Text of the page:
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just taking dictation
i've done about 7 hrs of studying for monday's accounting exam today. and i have more than that to do tomorrow. and i still might not pass.

i'm so afraid to fail at anything. every time i study for this stupid class, i stop breathing. literally. i stop breathing for long periods, until my lungs are going to explode and i feel like i have been under water for an hour. then i take a huge gulp of air and it hurts even more. i could give a crap about management accounting, truly. and if i fail, i will take it again next semester. i won't be done this stupid degree for a couple more years anyway, so what's the rush? plus, i haven't taken a math course since grade nine basic math, which was what - 18 years ago or more? and i never took an algebra class, which most of this course is predicated upon. is it so unexpected that i might have troubles?

but it isn't about the time or money it would take to re-do the course, or anything else. at all. i just can't fathom surviving a failing grade. its ridiculous. but it doesn't make me any less anxious.

but as i stop breathing and contemplate the devastation of a failing grade in accounting, i am trying to apply what i am learning about buddhism to all this stress and worry. haha, with my one week or so of reading under my belt.

it seems, from what i have read so far, that buddhism is about seeing what is. accepting reality and being at peace with what is. and that the core of our discomfort and unhappiness comes from our desire or efforts to make reality something other than what it is. IE, the reality of the situation is, I suck at accounting. my discomfort comes from not accepting that fact, or wishing it was not the case.

so, my logical next mental step is that, according to buddhist approach, i should stop devoting energy to wishing i didn't suck at accounting, and make peace with the reality that i just do. is that right?

of course, there is a huge possibility that i am totally misunderstanding. because i'm not sure this can really be the way it is meant to be interpreted. as comforting as it is to throw up my hands and admit i suck at accounting and be at peace with it (IE not think about it and be unhappy about it anymore) - how does that accomplish anything, really?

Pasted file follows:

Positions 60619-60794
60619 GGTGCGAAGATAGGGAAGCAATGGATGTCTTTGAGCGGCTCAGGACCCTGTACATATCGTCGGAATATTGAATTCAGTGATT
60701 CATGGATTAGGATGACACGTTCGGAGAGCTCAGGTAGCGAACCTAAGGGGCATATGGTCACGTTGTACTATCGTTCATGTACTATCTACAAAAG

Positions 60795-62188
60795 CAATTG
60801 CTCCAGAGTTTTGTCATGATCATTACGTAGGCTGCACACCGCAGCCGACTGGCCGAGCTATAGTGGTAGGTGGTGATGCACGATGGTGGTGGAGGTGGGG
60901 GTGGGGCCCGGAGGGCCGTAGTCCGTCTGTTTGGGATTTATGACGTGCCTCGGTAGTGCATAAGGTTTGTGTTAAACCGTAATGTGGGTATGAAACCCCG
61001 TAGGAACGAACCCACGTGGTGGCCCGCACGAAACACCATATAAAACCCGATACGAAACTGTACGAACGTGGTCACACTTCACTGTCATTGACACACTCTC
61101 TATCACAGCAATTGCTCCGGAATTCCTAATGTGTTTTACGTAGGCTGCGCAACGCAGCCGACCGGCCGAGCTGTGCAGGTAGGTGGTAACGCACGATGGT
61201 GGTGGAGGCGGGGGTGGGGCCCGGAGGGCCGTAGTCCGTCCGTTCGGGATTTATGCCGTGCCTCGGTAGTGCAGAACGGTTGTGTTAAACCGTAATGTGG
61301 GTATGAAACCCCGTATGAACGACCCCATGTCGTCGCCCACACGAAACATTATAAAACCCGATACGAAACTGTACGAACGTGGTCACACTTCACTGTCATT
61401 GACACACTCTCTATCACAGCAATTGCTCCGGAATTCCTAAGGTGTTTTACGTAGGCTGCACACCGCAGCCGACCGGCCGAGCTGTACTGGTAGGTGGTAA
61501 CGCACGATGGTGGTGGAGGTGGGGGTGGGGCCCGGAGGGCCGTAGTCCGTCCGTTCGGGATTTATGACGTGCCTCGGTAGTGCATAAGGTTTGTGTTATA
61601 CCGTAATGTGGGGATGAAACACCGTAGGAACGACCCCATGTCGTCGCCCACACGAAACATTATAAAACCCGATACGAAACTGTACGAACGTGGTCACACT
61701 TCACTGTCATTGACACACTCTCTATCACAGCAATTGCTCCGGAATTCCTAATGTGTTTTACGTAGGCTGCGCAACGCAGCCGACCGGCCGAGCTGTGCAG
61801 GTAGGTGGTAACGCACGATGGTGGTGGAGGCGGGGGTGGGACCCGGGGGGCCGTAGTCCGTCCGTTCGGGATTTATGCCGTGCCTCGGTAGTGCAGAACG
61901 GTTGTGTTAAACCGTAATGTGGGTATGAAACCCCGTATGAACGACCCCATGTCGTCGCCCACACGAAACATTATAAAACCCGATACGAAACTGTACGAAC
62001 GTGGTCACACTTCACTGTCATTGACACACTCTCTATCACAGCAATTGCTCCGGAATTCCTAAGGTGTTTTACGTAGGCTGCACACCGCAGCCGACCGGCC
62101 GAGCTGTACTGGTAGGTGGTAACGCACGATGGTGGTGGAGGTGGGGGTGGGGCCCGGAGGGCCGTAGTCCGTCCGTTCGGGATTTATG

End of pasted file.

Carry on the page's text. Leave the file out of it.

say you apply this approach to something that is not as inconsequential as my hatred for accounting. for example, say i know someone who hates someone else based on their race. is it really the buddhist approach to say that the reality is that person A hates person B, and that my discomfort comes from a lack of acceptance of this reality? ergo, if i simply accept the reality that A hates B, i will not be as unhappy?

it just seems so apathetic and selfish - which makes me sure i must be not getting it yet.

it is easy to accept everything. it is not as easy to acknowledge the actual reality of something, but to still see why it should not be the reality. i get that this is where unhappiness comes from - it makes me unhappy that the reality is that A hates B, and it makes me unhappy when i wish it weren't so. it makes me unhappy because i want that not to be the reality of the situation, i want a different reality.

but wanting things to be different is like, key to making the world a better place. its how anything has ever been improved in the history of the world. well, that sucks - it shouldn't be that way, i will do something to change that.

but the other half of the equation in what i am reading is wanting to end suffering for yourself and for others. i get that accepting reality for what it is and not investing energy in resisting / trying to change the reality might end your own suffering, but i am not as clear on how that relates to ending anyone else's suffering.

so again, i must be totally not getting.

it's hard to read all this stuff and not know any actual buddhists IRL. for example, i read all this crap in my accounting book and completely don't understand it, but luckily i have the CFO at my company who is an accountant who i can visit and ask clarifying questions. not so with buddhist info. but maybe it is kind of good to have this thing to myself to figure out on my own, with no outside influence. plus, there is no exam, so the pressure is not the same, lol.

i'm sure it will get a little more clear with more time and more reading. but besides the confusion above with how to accept reality and still end suffering for other people, i am really enjoying what i'm reading. a lot of it makes a lot of sense, and it is making me feel better to read something that i can relate to and imagine myself applying in real ways.

but, i have to admit, i think i am programmed for worship. i love that buddhism isn't this big monotheistic thing that demands faith and blind adherence. but i think i am wired for blind adherence. i miss reading / relating to something that feels like faith. despite my having removed myself from the catholic church and all christian-based faiths, i still long to take my ability for mindless worship and deposit it in some gross patriarchal figure that will somehow promise to protect me in return. it's gross, but it is what it is.

luckily, we can be wired for things that we choose consciously not to participate in.

luckily, we can also consciously choose to participate in things that we are definitely not wired for, like management accounting. and whatever results that may bring.
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